25

written following an idea put forward by Schwinger

26

. Anderson’s idea was taken up by Peter Higgs

27

[see ref [

28

] for a more complete historical perspective].and others and the rest, including the Large Hadron Collider at CERN, as they say - is history.

In a superconductor the system undergoes a spontaneously broken symmetry and chooses a phase. The low lying phase excitations or Goldstone mode becomes the longitudinal degree of freedom of a massive vector Boson via the Anderson-Higgs mechanism

29,30

. Much more work remains to be done to clarify the interconnection between the Thomas-Fermi screening and the role of the Anderson-Higgs mechanism.

The plasma modes are comprised of the long-wavelength Fourier components of the Coulomb interaction leaving behind a residual screened electron-electron interaction. The plasmon energies are high enough that they are not thermally populated at room temperature and therefore they do in a sense drop out of the problem. So the BCS wave function is actually a wave function for the quasiparticles.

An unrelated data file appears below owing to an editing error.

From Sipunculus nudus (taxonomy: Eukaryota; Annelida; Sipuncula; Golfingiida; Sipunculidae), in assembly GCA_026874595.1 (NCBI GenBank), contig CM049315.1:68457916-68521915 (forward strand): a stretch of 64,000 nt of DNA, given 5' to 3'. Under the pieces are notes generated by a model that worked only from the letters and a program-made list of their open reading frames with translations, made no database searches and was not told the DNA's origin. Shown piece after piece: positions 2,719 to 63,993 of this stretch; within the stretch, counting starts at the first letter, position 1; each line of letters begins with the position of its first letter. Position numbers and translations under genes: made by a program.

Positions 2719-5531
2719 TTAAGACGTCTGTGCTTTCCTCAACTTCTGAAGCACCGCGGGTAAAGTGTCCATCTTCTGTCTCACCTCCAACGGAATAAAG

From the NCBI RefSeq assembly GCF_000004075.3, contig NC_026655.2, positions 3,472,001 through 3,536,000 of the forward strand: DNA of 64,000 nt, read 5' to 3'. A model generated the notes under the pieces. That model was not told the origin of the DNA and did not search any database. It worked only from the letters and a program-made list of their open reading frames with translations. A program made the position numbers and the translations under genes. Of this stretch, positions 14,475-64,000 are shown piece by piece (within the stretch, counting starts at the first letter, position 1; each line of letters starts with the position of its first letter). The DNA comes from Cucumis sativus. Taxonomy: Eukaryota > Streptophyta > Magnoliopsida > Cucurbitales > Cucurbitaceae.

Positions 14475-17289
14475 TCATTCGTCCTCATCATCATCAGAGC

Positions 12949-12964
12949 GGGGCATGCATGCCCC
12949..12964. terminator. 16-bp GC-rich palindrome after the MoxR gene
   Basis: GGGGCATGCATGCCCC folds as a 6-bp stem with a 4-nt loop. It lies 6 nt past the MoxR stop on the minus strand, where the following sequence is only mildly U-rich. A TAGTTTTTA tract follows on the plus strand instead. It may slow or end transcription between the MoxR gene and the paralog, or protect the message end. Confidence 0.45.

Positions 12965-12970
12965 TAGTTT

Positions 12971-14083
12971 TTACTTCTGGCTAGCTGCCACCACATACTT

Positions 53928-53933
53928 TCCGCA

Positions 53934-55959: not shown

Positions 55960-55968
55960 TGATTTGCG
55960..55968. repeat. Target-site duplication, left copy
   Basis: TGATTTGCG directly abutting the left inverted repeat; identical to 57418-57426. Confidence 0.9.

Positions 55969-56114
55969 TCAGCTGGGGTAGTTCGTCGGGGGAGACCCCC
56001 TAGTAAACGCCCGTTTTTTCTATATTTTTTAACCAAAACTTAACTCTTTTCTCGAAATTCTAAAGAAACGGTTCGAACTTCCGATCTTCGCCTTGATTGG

In conventional superconductors exchange of virtual phonons induces an attractive effective

interaction between electrons of opposite spin and momentum whereby the Fermi Sea becomes

unstable to electron pair formation. This is the so-called Cooper pair instability

5,14,16

which is

widely discussed as an n-fold stabilization effect. Consider n-degenerate states which are Slater

determinants in a basis of pair-wise occupied states required to obtain a coherence of the sign of

the matrix elements. The diagonal elements are at an energy U above some reference energy

with off-diagonal elements matrix element –V due to the attractive phonon induced electron-

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7

electron coupling. One of the eigenvalues at energy U-nV splits off from the rest giving the well known Cooper pair instability. (see refs [

3-7,13,14